The repressed Rohingya of Myanmar

Myanmar deserves U.S. rewards for moves toward democracy, but repression of Rohingya Muslims is troubling and demands action.

An internally displaced Rohingya woman holds her newborn baby surrounded by children in the foreground of makeshift tents at a camp for Rohingya people in Sittwe, Myanmar. Authorities in Myanmar's western Rakhine state have imposed a two-child limit for Muslim Rohingya families, a policy that does not apply to Buddhists in the area and comes amid accusations of ethnic cleansing in the aftermath of sectarian violence. (Gemunu Amarasinghe / Associated Press / May 13, 2013)

By The Times editorial board

August 9, 2013

The relationship between the White House and the government of Myanmar has been steadily improving. President Obama went there in November; President Thein Sein came here in May. Last year, the administration eased the prohibition on Americans doing business in Myanmar, and this week, it repealed most of the remaining sanctions on trade (although it will continue to ban the import of rubies and jadeite).

These are Myanmar's well-deserved rewards for embarking on a program of liberalization and democracy — moving away from absolute military rule, holding credible elections and freeing many political prisoners. Aung San Suu Kyi, the democracy activist who spent 15 years under house arrest, has been in parliament for more than a year.

And yet for the 1 million Rohingya Muslims in the country, life is only getting worse. The Rohingya are an ethnic minority considered to be intruders by the government of Myanmar and by much of the country's majority Buddhist population. Thousands have been displaced from their homes in the western state of Rakhine by mob violence and are now relegated to camps for displaced persons. The United Nations has declared the Rohingya among the most persecuted groups in the world.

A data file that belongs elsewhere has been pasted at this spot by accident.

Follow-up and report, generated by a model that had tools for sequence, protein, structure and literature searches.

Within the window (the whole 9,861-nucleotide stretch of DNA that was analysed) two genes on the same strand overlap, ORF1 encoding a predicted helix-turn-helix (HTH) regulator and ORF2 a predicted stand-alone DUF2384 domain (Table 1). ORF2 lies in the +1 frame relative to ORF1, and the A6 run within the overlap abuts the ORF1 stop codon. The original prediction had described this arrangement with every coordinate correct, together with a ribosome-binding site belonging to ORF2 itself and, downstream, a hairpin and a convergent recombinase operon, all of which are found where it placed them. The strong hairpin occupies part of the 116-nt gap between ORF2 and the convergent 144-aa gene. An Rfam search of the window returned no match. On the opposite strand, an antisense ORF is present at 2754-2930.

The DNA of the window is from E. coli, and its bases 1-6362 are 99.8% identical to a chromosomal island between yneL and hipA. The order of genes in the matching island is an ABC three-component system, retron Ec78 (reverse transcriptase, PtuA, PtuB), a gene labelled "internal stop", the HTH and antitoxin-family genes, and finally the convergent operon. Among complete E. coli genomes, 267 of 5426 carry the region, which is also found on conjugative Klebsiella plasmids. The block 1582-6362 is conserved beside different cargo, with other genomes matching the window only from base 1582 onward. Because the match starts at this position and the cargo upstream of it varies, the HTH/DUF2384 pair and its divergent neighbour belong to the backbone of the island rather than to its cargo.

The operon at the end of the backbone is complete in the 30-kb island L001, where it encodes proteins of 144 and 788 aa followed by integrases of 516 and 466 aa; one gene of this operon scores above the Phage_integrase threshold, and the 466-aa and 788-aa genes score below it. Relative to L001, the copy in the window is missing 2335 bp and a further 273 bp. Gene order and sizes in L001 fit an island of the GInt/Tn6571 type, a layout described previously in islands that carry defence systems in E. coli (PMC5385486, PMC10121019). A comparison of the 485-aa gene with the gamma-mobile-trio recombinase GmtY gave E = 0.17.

Last November, Sein said he would allow the U.N. High Commissioner for Human Rights to set up an office in the country, in part to monitor the plight of the Rohingya. But human rights advocates say the government has dragged its feet and the office has not yet been established, although a U.N independent investigator, or special rapporteur, has been allowed to make several trips through Myanmar recently.

It's appropriate for the U.S. to recognize and reward the advances that Myanmar has made. But it should not turn a blind eye to the country's continuing problems, including religious and ethnic tension. It should exercise what clout it has to help the U.N. set up the human rights office, and should push strenuously for authorities to dismantle repressive policies against the Rohingya, such as limiting families to two children.

The U.S. role is especially important because there are still so few powerful voices of protest within the country. Suu Kyi has spoken only tepidly against the repressive policies toward the Rohingya — and many in her country didn't like that she weighed in at all. A troubling anti-Muslim nationalism is spreading in Myanmar, and it will take pressure from the U.S. along with other countries and the U.N. to dispel it.
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